We recommend cooking this recipe outside. It’s epic and beautiful with a deep black hue and contrasting pink-orange prawns. The color comes from cuttlefish ink, and the flavor will transport you to the Mediterranean Sea in a bite.
by Katie Button
recipe created for a 15-16 inch paella pan, serves 6 people as a main dish
- 4 tablespoons olive oil
- 1 lbs of Gambas de Palamós
- 1 lb of Mediterranean squid (tubes and tentacles), tubes cut into ¼ inch rings
- 1/4 jar of Matiz sofrito
- 3 boxes of Aneto Paella Broth
- 1.5 tablespoons squid ink
- 4 cups Calasparra rice (short grain paella-style rice)
- Salt to taste
Build a charcoal fire in the bowl of a grill or in a charcoal chimney, or turn a propane flame to medium. If using wood or coals, allow it to burn down a bit, while still keeping it hot. Put the grate on top and place your pan on top to allow it to begin heating up.
Heat 4 tablespoons of oil in paella pan over high heat until shimmering. As the pan heats up, take a look at the oil – the bowl is level if the oil pools in the center of the pan. If it streams to either side, make adjustments to the grill until it is level.
Add the gambas and sear them quickly on each side. Remove them before they cook all the way through, and set them aside. Add the squid and sprinkle with ½ teaspoon of salt. Cook, turning occasionally until brown on all sides. Add more oil if necessary.
Add the sofrito and toast the squid and sofrito together for 30 seconds. Add the stock and squid ink to the pan. Bring to a boil, taste, and add salt to taste. It should taste well-seasoned. This is a good moment to check the fire. The liquid should come to a heavy simmer which must be maintained for about 25 minutes throughout the remainder of the cooking process.
Once the stock is boiling, add the rice. Stir it all around to spread the rice evenly in the pan, then stop stirring. It is important to control the heat so that it is simmering evenly and rapidly. Cook for 15 to 17 minutes until the liquid has evaporated and the rice is just beginning to stick to the bottom of the pan. Test this by dipping a spoon straight down into the rice at a 90 degree angle. Make a small scraping motion to see if any rice is sticking. It’s ok for rice to stick and get a little bit toasty – that part is called socarrat – and it’s delicious. At the same time, be aware of any smell that turns from toasty to burnt.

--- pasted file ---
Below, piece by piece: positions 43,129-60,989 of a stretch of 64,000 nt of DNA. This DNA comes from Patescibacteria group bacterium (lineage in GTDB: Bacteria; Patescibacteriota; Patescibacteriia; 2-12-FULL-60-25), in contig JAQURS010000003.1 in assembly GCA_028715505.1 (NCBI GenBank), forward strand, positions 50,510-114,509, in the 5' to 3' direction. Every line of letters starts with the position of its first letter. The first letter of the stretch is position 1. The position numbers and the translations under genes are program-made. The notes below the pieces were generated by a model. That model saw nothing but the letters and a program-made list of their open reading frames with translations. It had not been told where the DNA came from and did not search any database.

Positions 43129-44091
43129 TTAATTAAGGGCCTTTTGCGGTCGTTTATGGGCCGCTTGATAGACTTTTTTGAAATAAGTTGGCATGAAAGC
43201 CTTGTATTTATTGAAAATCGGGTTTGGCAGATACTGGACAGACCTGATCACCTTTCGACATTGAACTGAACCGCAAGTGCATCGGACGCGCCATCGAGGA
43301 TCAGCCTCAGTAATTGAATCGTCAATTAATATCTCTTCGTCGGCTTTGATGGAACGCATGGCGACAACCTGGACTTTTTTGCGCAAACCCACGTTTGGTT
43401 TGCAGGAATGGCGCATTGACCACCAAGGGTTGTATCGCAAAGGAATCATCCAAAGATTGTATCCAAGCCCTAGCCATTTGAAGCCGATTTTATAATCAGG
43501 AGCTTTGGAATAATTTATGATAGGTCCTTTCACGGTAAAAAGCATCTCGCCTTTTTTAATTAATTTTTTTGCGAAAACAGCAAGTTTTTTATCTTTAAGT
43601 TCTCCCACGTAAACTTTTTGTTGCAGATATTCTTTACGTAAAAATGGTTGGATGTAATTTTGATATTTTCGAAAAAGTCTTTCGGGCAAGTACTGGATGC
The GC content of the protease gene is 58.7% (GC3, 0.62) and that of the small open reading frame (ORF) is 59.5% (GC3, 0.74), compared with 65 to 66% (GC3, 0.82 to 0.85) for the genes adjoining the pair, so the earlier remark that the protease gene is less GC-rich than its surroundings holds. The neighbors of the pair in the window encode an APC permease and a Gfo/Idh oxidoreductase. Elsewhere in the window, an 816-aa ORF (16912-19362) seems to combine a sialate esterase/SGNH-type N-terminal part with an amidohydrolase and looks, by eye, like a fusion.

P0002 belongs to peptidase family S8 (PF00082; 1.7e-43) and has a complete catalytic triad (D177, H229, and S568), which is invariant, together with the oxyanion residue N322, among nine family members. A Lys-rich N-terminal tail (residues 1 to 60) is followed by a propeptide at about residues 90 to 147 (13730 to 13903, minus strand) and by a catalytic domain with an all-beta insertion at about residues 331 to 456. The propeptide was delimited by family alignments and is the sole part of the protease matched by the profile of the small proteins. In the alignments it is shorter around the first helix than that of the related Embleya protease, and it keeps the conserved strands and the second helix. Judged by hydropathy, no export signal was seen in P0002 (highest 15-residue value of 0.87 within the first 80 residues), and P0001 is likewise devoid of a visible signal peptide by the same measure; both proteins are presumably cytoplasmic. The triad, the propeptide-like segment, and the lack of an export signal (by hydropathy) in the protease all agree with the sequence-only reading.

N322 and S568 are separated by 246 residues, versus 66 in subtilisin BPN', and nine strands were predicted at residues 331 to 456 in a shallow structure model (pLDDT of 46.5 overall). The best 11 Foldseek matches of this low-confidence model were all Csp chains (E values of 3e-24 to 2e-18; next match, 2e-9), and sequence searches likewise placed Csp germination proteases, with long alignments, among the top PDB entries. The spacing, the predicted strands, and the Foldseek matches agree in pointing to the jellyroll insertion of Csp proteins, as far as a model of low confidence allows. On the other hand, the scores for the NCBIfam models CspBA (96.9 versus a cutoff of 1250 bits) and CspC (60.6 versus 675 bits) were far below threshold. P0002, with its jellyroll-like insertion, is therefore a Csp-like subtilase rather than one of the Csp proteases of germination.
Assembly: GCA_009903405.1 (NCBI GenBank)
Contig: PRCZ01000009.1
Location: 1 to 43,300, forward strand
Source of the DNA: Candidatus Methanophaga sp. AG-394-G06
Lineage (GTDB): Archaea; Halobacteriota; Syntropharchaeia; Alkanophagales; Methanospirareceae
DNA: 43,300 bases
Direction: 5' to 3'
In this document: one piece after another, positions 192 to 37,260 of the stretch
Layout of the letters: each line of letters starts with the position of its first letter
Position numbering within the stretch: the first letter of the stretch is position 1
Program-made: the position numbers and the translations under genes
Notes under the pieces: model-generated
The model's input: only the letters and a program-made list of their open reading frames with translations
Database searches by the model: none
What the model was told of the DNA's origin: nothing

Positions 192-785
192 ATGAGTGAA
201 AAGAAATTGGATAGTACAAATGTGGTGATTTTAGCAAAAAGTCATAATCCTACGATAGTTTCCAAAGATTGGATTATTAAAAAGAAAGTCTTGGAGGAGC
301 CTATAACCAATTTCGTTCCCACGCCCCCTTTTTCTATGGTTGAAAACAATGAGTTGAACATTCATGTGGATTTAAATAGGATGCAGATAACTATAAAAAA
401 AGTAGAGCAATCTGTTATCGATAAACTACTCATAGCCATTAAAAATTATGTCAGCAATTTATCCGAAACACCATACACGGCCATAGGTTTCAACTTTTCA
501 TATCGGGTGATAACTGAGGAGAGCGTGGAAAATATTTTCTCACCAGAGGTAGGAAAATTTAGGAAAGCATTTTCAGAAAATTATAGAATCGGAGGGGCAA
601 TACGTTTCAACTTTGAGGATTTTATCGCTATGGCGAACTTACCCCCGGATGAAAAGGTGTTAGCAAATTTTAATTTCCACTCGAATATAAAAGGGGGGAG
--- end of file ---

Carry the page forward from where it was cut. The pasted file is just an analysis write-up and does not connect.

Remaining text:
Add the shrimp on top and cook for 3 more minutes, this should finish the cooking of the rice, and cook the shrimp the rest of the way through. Remove the pan from the heat and cover with foil. Let the finished paella rest for 5 minutes before serving. Serve with friends and all i oli on the side.
Tips from the chef…
This recipe is designed to be made outside – an open fire with a grate, a gas grill, or a charcoal grill are all great options! You’re looking for a medium to medium-high heat, so make sure that your coals are cookin’ before you get started. A few tips as you begin:
- The pan should be level. You can test this by pouring a little water in the pan before you get started. If it pools to one side or another, try and level it up so that it cooks evenly.
- If you’re cooking over a wood fire, make sure that you allow plenty of time for some coals to form before you begin the recipe. This will help the rice cook more evenly. Also, you may need to add some wood as you go, so make sure to have some smaller wood sticks or splits on hand to allow for better control of the flame.
- In the photo, we’re using Gambas Palamós – giant head-on shrimp from the Costa Brava. Use the shrimp that you have available to you, but note that cooking time will need to be reduced with smaller shrimp. Keep a close eye on them!
- Don’t have a paella pan? Try cast iron!
- The rice is important here – don’t use a standard long-grain rice, it won’t work out.